Amino acids are gaining popularity in Lymeland. I am writing this not to prescribe you anything, but rather because I talk to a lot of people living with chronic illnesses, and I’ve had enough conversations in praise of amino acids with a few of these lovely people.
The amino acids I am sharing with you here are not the only amino acids that I’ve talked about with others; this is simply a list of amino acids that I like to use above the rest.
I will give you a brief summary of what amino acids do, why I supplement with them, and which ones work for me.
Why Amino Acids?
Amino acids are the building blocks of proteins. There are about 20 amino acids that occur commonly in proteins. Of these, humans can synthesize 11 from simple organic molecules, but the other 9 are “essential,” which means we cannot create them within and need to supplement them in our diets. (A “complete protein” contains all of the essential amino acids. Generally animal proteins are complete proteins, while vegetarian proteins usually need to be combined to get all of the essential amino acids in one meal.)
The number, types and sequences of amino acids are unique for each specific protein. Proteins make up the structures within us; some are structural components of our cells and tissues. Others act as antibodies in the fight against diseases. They build up into proteins to build new tissues and to replace old damaged ones. If there are insufficient carbs and fats in the diet, they are used for energy. Chemically, hormones may even be classified as proteins (or steroids), so amino acids are behind the scenes for many processes.
With that said, these are the amino acids I like to supplement with and why:
Lysine is important for proper growth, carnitine production, calcium absorption, and collegen formation. The reason I take lysine, personally, is because it’s famously an anti-viral. I use it as an anti-viral and pro-immunity supplement when I have colds, and also with my Epstein Barr Virus in the back of my mind. I think that antibiotics can weaken the immune system, and that perhap lysine is a good antidote to that.
Glycine is one of the precursors to glutathione (the others are glutamine and cysteine or NAC). I prefer supplementing with these over doing glutathione IV pushes. The glutathione IV pushes are known to produce significant but fleeting improvements in patients (like getting up out of a wheelchair for 20 minutes). I prefer the turtle-paced but lasting effects of the precursors. Not to mention, all three of these have many other benefits. Glutamine is good for digestion and GI inflammation, NAC is good for detoxification.
I think glycine is overlooked because what it’s known for is kind of boring: cellular repair. It’s also known to help with sleep and inflammation. If you’re interested, you can watch this guys endorsement of glycine with a better explanation:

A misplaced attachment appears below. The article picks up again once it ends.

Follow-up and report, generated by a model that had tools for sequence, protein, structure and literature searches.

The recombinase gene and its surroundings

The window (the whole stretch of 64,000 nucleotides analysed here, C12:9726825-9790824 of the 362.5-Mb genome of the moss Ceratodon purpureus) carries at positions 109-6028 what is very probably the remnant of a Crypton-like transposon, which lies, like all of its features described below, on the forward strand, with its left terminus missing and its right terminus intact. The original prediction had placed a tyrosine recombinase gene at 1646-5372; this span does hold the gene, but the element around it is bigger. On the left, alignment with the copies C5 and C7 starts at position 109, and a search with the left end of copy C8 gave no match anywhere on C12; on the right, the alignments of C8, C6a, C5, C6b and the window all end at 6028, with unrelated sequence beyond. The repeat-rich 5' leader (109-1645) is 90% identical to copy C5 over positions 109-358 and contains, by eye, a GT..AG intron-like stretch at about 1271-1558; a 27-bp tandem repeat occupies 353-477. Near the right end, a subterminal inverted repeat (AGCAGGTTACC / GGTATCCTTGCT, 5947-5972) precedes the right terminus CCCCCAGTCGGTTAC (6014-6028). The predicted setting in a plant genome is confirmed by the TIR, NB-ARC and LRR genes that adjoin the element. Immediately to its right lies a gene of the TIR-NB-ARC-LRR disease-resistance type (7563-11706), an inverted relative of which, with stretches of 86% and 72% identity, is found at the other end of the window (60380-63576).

(P.S. gelatin is a natural source of glycine, which is also rich in collagen and protein. One tablespoon of gelatin = 11 gram of protein! Great if you have stomach issues and are finding it hard to eat enough.)
Creatine is one of the most important energy producers for our cells and bodies. (Read this article to learn about why creatine is important in metabolic processes. And read my book to find out how your metabolism can help you fight chronic infections.)
I know placebo is always a possibility, but I’m quite positive that creatine makes weight-training and work-out recovery dramatically easier on my body. I love this one and owe it many thanks in helping me build my muscles.
Taurine insufficiency is common in autoimmune patients. It’s found in nerves and the heart, and is allegedly good for longevity (high taurine geolocations correlate with longer life spans, although correlation does not prove causation). I take it because it gives me great mental clarity; it’s my redbull.
You can read Jenna’s Lyme Blog for a rave review on taurine.
Tyrosine and iodine together create T3. Tyrosine is also a precursor to dopamine. It helps with weepiness (if you are soft like me) and can give your thyroid a subtle boost. I took tyrosine daily for years with no side-effects to my knowledge.
This is what’s in my medicine cabinet. Amino acids are the building blocks of proteins and are typically good pre- or post-workout supplements. But they are not just for bodybuilders. They can repair tissues anywerhe from your six pack to your GI lining. They can change your mood and boost metabolism. Healthy or ill, I think amino acids are worthy of acknowledging and supplementing with.
And while I have you here, I would also like to mention the the second annual Lyme Summit will be on June 16-26. There will be a lot of free information, but register soon!
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